Stats Made Easy

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Saturday, May 06, 2006

Dreaded statistics

When you are faced with something dreadful, like a final exam in statistics class, do you just want to get it over with as quickly as possible? If so, you are acting irrationally because it makes more sense to delay something unpleasant as long as possible. However, according to a new study in Science magazine reported by Sandra Blakeslee in the New York Times, some people are extreme "dreaders" who prefer more pain if it gets things over with, sooner. The research by Dr. Gregory S. Berns, a professor of psychiatry and behavioral sciences at Emory University, was literally shocking: His team of scientists applied voltage to their subjects' feet at levels and delays of their choosing. Berns found that when it comes to dread the waiting time makes it more intense. That must be what makes a college course on statistics so dreadful -- waiting the whole semester for the final exam! It seems to me that the certainty of something scary like this is also a key. For example, at the moment, the avian flu is creating great dread because it seems likely to become an epidemic and create many deaths. However, if this likelihood abates with time and/or medical preparations advance to a more comforting level, our dread will drop off. Unfortunately, it is hard getting around a final exam!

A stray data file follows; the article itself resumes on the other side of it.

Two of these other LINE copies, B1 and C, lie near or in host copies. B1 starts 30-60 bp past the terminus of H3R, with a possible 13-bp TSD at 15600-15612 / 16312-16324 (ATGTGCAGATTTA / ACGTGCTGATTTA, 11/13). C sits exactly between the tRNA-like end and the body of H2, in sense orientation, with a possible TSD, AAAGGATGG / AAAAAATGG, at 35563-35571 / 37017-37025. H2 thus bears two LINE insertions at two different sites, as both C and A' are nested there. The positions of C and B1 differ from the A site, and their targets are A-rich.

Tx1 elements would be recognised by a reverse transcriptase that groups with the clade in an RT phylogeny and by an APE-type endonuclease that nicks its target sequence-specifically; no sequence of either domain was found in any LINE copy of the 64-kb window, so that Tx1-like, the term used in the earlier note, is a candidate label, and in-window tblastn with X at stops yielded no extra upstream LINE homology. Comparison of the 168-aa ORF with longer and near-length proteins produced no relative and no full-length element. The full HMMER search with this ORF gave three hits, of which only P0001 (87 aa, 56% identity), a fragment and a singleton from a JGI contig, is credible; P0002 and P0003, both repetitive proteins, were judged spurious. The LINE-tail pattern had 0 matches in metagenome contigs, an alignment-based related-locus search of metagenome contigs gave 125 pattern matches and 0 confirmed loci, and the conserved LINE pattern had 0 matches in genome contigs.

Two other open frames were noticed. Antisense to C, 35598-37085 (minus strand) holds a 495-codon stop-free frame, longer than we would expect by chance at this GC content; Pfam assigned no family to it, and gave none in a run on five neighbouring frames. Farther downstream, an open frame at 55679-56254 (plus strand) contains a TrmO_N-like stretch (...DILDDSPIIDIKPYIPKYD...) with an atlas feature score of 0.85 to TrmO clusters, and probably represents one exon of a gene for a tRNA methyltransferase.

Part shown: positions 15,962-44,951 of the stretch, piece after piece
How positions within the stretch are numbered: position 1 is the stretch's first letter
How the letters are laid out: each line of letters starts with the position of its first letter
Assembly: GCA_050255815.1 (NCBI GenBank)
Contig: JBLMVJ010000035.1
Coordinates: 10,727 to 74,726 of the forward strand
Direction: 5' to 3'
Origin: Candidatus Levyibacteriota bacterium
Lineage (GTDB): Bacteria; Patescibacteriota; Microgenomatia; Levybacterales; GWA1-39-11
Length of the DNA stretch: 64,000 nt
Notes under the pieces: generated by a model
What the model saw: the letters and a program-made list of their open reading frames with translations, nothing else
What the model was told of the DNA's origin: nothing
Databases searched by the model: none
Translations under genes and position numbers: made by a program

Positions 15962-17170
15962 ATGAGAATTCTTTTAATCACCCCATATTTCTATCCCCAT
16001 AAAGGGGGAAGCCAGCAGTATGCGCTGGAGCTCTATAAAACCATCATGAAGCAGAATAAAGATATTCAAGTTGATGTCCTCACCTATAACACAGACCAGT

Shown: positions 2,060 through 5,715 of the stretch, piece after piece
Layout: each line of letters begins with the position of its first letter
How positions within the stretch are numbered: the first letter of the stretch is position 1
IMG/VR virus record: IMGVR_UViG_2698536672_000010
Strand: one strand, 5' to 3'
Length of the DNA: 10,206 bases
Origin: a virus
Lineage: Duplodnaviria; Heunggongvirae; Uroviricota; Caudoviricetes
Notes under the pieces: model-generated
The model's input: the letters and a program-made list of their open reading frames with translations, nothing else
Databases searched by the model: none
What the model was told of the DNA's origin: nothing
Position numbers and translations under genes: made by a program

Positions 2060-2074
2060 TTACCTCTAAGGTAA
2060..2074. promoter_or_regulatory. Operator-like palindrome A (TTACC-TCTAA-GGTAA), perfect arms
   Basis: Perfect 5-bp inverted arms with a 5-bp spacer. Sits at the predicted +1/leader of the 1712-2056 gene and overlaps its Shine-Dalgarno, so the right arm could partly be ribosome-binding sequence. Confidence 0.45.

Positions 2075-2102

PS. According to Schachter & McCauley, authors of "When Your Child is Afraid," an adult's most common fears, in order of magnitude, are: public speaking, making mistakes, failure, disapproval, rejection, angry people, being alone, darkness, dentists, injections, hospitals, taking tests, open wounds, blood, police, dogs, spiders, deformed people.


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